Jurors in the fraud and conspiracy trial of Enron Corp. founder Kenneth Lay and former Chief Executive Jeffrey Skilling deliberated for a fifth day Wednesday without reaching a verdict in the premier criminal case to emerge from the company’s collapse.
The panel has deliberated for about 31 hours over five days. Deliberations were to resume Thursday.
In a midday note to the judge, the panel asked for additional copies of a list of trial exhibits and asked whether it was possible to see testimony transcripts. U.S. District Judge Sim Lake said he would ask jurors to be more specific about the testimony.
“I can’t really answer that question without knowing exactly what they want,” Lake said.
Both defendants awaited the outcome away from the federal courthouse in Houston — Lay at his office about two blocks away, and Skilling in his legal team’s so-called “war room” in an office building across the street.
Lead Skilling attorney Daniel Petrocelli remained at the courthouse, while lead Lay lawyer Michael Ramsey said he and the ex-chairman’s other attorneys planned to wait there in shifts.
The eight-woman, four-man panel sent a note to Lake on Tuesday stating they don’t intend to deliberate Monday, Memorial Day. The jurors told the judge last week they would consider the case Monday through Thursday each week, the same schedule as the 16-week trial that started with jury selection Jan. 30.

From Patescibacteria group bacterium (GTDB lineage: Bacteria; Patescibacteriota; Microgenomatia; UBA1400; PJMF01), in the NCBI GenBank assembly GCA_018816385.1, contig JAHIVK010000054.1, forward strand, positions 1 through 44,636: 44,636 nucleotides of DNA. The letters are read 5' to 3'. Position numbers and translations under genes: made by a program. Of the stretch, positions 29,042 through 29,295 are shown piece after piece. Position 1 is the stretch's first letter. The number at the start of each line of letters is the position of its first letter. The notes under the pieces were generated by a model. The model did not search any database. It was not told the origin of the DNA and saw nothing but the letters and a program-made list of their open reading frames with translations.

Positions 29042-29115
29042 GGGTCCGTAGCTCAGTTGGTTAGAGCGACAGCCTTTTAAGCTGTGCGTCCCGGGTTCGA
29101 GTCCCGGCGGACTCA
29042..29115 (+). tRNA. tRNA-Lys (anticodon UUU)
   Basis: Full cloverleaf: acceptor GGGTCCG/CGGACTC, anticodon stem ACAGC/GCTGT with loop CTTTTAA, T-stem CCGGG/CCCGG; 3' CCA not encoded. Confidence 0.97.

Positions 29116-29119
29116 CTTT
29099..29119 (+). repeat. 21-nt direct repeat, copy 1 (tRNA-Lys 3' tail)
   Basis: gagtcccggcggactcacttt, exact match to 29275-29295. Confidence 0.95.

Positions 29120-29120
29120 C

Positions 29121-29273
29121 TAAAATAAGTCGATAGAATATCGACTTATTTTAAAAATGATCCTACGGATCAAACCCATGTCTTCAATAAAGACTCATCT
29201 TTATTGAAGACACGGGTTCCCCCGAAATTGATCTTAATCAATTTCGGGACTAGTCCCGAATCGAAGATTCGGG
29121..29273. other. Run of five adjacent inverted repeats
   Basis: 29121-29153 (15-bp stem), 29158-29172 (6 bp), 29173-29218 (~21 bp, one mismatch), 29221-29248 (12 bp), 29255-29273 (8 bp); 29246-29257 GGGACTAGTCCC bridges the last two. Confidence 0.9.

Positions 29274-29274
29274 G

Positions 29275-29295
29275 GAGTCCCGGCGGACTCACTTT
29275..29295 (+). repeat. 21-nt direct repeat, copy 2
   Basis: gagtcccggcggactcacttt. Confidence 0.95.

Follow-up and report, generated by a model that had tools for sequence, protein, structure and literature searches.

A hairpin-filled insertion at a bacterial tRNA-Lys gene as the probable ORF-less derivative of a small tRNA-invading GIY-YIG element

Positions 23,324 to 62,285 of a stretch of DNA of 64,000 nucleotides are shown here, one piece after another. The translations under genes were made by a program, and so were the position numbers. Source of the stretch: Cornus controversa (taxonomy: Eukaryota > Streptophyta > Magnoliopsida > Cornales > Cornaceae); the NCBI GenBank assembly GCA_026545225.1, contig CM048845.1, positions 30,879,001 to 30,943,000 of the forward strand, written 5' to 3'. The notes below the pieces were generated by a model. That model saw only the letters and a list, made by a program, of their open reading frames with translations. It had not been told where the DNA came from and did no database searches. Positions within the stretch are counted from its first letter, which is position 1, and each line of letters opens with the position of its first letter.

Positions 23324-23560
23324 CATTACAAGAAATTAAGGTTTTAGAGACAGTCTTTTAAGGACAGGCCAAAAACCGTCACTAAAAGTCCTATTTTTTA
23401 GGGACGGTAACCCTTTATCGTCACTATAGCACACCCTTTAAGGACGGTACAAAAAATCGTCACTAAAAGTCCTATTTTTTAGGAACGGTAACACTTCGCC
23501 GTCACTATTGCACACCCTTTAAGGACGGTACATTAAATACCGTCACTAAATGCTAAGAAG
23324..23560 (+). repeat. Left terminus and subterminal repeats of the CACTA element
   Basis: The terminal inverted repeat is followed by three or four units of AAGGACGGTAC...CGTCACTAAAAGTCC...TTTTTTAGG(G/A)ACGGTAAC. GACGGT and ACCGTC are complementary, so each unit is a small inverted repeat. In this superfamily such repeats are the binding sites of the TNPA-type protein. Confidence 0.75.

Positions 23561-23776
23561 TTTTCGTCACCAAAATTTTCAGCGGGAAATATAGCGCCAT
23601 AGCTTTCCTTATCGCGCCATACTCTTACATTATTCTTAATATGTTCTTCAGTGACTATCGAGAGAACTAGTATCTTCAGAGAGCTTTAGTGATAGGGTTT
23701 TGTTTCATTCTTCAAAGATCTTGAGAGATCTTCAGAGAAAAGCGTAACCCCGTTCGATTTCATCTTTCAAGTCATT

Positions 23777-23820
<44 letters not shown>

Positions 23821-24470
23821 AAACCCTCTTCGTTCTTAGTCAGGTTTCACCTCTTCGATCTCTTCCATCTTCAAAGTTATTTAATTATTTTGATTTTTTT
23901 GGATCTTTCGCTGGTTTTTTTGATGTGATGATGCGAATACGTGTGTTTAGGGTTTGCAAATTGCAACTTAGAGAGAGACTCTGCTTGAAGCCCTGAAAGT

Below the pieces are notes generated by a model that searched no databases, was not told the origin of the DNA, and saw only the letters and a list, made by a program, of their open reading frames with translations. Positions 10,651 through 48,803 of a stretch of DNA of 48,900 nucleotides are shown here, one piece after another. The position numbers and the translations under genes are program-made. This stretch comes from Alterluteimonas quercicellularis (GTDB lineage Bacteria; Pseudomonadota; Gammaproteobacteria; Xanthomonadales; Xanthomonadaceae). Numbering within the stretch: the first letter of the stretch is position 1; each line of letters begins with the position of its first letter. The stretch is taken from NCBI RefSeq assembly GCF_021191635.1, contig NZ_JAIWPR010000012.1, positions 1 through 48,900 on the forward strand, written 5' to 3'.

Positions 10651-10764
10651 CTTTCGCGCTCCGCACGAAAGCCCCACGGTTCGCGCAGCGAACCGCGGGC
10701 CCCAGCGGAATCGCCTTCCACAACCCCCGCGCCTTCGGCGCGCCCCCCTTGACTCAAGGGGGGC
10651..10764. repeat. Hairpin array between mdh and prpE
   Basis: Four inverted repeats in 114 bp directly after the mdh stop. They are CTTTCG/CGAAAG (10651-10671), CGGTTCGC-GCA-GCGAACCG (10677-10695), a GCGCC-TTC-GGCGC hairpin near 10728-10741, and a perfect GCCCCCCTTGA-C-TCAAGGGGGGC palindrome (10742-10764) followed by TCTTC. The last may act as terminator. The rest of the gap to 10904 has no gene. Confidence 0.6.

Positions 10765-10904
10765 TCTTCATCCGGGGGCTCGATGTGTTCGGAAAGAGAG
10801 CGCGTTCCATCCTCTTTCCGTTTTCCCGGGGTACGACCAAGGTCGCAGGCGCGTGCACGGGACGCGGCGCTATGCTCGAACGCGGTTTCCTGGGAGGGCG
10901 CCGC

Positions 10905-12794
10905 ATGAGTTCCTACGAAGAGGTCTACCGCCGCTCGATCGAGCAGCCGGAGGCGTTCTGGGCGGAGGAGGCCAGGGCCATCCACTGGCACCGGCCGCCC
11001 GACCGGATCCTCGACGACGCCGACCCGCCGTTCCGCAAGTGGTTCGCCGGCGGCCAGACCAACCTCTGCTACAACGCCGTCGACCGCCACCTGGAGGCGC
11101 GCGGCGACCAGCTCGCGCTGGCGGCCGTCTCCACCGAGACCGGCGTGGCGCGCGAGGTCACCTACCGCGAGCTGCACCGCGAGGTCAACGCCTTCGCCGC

Skilling faces 28 counts of fraud, conspiracy, insider trading and lying to auditors and a maximum of 275 years in prison if convicted on all counts. Lay faces six counts of fraud and conspiracy with a combined maximum punishment of 45 years.
Both are accused of repeatedly lying to investors and employees about Enron’s health before its December 2001 collapse into bankruptcy proceedings, when they allegedly knew accounting tricks masked losses and failing ventures.
The defendants deny any wrongdoing and attribute Enron’s failure to bad publicity and lost market confidence.
Lay also is awaiting a verdict in a separate bank fraud case that was tried before Lake without a jury during the first three full days of deliberations in the conspiracy case.
Lake has said he will announce his verdict in the bank case after the conspiracy jury renders its decision. Lay faces one count of bank fraud and three counts of making false statements to banks regarding his use of personal loans to buy stock. Each count carries a maximum penalty of 30 years in prison.